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A Lost Album From Muddy Waters’ Harmonica Player Was Discovered In The Tapes By The “Surfin Bird” Band

Yes, Seriously

On April 17, 2020

Across the history of found albums and “lost” albums there are a lot of incredible stories of tapes appearing out of nowhere, in dumpsters, in basements after decades. But there are maybe few as nutty as the story of Mojo Workin’, the recently unearthed album from harmonica blues-slayer George “Mojo” Buford.

When he was compiling Bird Call! The Twin City Stomp Of The Trashmen, a 4-CD boxset on the seminal Minneapolis garage-rockers the Trashmen, band historian Mike Jann stumbled upon some reels from three sessions in 1969 that were recorded in Minneapolis with Buford’s live band. The sessions had eight songs, and included takes of Mojo’s signature song, “Got My Mojo Workin’,” among others.

It might seem incongruous that Buford’s tapes would be in a vault for a Minneapolis rock band probably most famously known in 2020 for being featured heavily on Family Guy. But Buford actually picked up his nickname in the larger Twin City, as he relocated to the city in the early ’60s after stops in Memphis and Chicago, in order to put his own band together. Buford had done time slinging the harp for Muddy after Little Walter embarked on his own career, and Buford thought he could do the same. Once he started playing the Twin Cities circuit, her repeatedly got requests to play “Got My Mojo Workin’,” his signature song as a solo act and as Muddy’s harmonica-man, and eventually Mojo stuck as his name.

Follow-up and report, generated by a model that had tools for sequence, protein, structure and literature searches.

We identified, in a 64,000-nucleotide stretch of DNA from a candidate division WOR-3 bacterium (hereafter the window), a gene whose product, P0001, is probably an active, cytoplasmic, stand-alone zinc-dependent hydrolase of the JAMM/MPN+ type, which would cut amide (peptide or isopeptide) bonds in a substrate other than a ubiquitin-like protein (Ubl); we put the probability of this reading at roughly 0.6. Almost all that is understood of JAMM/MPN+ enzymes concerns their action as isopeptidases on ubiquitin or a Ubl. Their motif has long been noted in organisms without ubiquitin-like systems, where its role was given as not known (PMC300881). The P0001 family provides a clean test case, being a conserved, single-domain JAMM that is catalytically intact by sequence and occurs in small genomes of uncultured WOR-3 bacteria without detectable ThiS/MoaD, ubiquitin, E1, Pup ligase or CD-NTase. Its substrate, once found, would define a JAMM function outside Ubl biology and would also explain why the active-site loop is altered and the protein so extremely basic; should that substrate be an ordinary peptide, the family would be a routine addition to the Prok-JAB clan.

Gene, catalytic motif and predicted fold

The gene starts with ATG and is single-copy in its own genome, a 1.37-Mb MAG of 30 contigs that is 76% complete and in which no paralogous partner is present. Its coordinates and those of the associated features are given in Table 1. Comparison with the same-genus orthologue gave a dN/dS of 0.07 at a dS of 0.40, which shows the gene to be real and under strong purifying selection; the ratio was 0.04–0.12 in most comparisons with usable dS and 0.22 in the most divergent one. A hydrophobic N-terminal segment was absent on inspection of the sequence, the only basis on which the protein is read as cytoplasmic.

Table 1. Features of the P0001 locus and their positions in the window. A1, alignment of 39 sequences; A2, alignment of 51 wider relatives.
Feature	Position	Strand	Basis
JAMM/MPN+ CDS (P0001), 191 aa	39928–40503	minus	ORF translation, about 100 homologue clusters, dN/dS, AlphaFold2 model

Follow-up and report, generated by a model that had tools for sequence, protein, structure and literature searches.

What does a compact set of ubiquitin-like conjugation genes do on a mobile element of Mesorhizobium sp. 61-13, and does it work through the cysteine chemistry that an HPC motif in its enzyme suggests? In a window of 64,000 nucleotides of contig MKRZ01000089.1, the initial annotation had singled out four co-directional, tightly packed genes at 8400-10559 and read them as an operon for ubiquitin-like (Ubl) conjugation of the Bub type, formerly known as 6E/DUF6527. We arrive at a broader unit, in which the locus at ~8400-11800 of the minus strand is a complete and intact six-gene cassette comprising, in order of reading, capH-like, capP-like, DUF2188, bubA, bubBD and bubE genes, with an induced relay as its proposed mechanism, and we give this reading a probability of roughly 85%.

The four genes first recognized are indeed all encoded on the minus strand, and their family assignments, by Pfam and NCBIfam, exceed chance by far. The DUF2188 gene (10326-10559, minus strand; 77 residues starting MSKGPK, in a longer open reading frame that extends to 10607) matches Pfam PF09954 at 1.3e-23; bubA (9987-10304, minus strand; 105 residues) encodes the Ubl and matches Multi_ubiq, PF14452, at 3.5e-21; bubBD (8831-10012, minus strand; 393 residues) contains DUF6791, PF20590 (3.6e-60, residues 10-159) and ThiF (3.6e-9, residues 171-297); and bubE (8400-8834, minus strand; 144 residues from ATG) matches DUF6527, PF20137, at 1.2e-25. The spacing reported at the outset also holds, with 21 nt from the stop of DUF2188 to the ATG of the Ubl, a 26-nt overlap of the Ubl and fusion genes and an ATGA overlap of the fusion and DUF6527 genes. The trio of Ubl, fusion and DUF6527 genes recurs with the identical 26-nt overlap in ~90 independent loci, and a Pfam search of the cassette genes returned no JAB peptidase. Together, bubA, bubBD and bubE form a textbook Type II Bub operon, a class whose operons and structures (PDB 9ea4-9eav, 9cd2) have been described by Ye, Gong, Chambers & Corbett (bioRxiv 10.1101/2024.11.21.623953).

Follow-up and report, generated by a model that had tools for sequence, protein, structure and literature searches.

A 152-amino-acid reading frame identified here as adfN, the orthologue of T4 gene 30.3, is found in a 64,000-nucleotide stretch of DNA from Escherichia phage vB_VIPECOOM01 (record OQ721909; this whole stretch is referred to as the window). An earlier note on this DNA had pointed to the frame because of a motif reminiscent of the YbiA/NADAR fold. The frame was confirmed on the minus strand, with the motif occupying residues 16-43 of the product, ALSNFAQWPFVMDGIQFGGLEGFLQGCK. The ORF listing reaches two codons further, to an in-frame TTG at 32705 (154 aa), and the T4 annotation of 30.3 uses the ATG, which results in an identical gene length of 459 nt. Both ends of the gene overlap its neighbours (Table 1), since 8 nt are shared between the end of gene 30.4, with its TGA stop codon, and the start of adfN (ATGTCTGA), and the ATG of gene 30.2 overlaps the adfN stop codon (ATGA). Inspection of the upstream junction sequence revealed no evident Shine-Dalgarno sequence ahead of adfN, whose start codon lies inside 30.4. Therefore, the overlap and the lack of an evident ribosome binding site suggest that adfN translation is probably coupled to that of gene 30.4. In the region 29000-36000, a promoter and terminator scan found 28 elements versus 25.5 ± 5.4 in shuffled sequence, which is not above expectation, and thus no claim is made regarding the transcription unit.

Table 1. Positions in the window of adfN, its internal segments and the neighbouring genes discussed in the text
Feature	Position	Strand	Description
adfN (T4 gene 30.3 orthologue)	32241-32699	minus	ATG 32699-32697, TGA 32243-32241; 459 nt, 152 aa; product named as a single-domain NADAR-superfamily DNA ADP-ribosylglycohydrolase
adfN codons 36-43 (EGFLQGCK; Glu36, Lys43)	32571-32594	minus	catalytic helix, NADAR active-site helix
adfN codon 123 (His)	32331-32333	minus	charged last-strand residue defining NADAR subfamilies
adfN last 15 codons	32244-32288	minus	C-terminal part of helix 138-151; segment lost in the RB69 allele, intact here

Buford would eventually end up having a tidy career playing juke joints from his home base up north, and put out a few exceedingly rare solo LPs in the early ’60s, before eventually rejoining with Muddy’s crew in the early ’70s. But Mojo Workin’ was recorded in between there, when the lead guitarist of the Trashmen got him into a Minneapolis studio to lay down some tracks. The album was never released — Mojo was in-between labels and wouldn’t release his own work between 1964 and 1979 — and sat on a shelf until Jann found it.

The songs on the album are culled mostly from Buford’s live act at the time, including Otis Spann’s “Blues is a Botheration,” Sonny Boy Williamson II’s “Help Me,” and “Love Without Jealousy,” a Buford song that ended up on Mud in Your Ear, after Buford rejoined Muddy’s band. “Lost Love,” a Buford original, is the lead single from the album, and you can hear it below:

Mojo Workin’ stands as a reminder that there are so many blues albums still out there waiting for rediscovery, and that there might be reels from the greats just sitting on shelves. It also speaks to the legacy of Minneapolis on the blues; when Chicago got too crowded, Buford came to the Twin Cities, and made incredible music.

You can buy the VMP exclusive edition of this album right here.


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